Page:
Bob Jungels is five weeks through an eight-week recovery process from having surgery on both his legs to address iliac artery endofibrosis, which is a thickening of the iliac artery. While eight weeks isn’t a short time, Jungels says that he is happy to have a solution after struggling for three or four years with a mystery problem and decrease in performance.
“Iliac artery endofibrosis sounds quite spectacular but basically it’s quite common in the cycling world,” Jungels says. “You just feel like if you go above threshold your legs start to cramp and you lose power. Your legs don’t get that oxygen that they need when you go super deep. It’s not something like a broken collarbone where you can’t ride your bike, but you just can’t go super deep, and it gets worse and worse.”
Jungels speaks to Bobby and Jens about the years-long process of figuring out what the problem was, and how he is now recovering.
Jens offers some encouragement to Jungels as he has seen riders like Stuart O’Grady come back from iliac artery endofibrosis surgery to ride “like brand new riders” and extend their careers for multiple years.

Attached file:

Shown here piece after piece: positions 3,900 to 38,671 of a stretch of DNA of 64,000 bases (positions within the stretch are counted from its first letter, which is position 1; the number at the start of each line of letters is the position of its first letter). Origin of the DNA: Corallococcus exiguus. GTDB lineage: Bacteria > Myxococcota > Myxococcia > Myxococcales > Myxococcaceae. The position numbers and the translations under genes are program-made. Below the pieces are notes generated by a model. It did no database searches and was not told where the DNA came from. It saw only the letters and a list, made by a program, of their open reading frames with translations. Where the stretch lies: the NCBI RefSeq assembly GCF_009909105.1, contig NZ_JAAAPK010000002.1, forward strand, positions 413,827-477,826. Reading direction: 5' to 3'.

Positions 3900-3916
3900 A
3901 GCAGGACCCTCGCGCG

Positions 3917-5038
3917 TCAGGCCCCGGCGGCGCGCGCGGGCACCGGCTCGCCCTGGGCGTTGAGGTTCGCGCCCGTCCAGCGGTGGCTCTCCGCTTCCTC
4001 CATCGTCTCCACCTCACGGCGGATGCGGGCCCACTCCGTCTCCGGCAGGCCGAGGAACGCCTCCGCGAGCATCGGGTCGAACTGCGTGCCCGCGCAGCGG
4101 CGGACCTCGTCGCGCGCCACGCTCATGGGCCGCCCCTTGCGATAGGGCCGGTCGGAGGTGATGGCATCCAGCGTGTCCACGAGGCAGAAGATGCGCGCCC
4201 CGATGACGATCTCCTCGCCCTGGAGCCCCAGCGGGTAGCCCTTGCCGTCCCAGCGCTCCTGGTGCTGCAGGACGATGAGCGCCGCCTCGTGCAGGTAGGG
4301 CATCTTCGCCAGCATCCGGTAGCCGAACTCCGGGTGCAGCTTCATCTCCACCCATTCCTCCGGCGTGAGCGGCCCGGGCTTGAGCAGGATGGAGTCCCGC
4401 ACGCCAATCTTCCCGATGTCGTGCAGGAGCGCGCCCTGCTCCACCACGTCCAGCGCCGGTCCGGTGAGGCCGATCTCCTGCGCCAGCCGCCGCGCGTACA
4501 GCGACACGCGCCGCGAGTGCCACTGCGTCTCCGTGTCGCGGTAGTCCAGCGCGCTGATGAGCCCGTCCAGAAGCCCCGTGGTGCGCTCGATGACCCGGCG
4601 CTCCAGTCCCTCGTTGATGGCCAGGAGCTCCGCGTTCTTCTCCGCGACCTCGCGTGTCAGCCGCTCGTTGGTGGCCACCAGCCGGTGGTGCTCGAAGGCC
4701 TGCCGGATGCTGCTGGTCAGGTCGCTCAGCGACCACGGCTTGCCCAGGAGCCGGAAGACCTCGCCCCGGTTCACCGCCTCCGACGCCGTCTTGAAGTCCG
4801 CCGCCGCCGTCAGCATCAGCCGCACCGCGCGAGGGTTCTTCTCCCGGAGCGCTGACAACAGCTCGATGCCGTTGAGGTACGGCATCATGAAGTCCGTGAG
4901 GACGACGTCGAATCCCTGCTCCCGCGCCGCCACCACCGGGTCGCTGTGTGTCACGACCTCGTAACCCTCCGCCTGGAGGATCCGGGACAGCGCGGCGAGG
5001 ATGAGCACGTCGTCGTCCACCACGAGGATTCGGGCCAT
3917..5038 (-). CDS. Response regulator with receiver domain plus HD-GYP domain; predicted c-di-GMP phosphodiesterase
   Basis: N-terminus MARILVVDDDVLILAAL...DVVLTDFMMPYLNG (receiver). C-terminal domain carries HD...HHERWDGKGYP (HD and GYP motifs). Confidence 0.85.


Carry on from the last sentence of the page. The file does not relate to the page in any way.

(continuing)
Jungels also discusses what it’s like to be a 28-year-old professional who has witnessed what he calls the old school methods of riding and racing with the new data-driven methods.
“Did Bobby and my generation overtrain with too many miles?” Jens asks. ”The new generation of riders don’t have 500,000 miles in their legs like I did when I was 35.”
Jungels says he consider himself lucky to have seen multiple systems and can choose what works for him, whether that is using glucose monitors or sleep trackers or core-temperature thermometers.
“It’s important to make your own mind up and not get lost in all the technology,” he says.
And don’t get him started on the data-intensive pre-race team meetings.
“To be honest, I hate it,” Jungels says of the amount of information that is delivered. “It is super helpful of course if you’re a sprinter. But nowadays, the team meeting in the bus takes one hour. When I started my career, it took 10 minutes.”
“To me, it’s just becoming a bit crazy because of all the information you get before the stage and during the race in the radio,” he says. “It’s so much information you can’t process it. I like it when you can still ride a little bit on your feeling. That is something that is getting lost a little bit.”
Listen to the latest episode of Bobby & Jens for the full conversation.
“Bobby & Jens” is a weekly VeloNews podcast brought to you by Zwift. It stars former pros Bobby Julich and Jens Voigt and features conversations with top athletes, coaches, emerging stars, and other newsmakers from the wide world of cycling. A new episode drops every Friday. Subscribe now wherever you get your podcasts.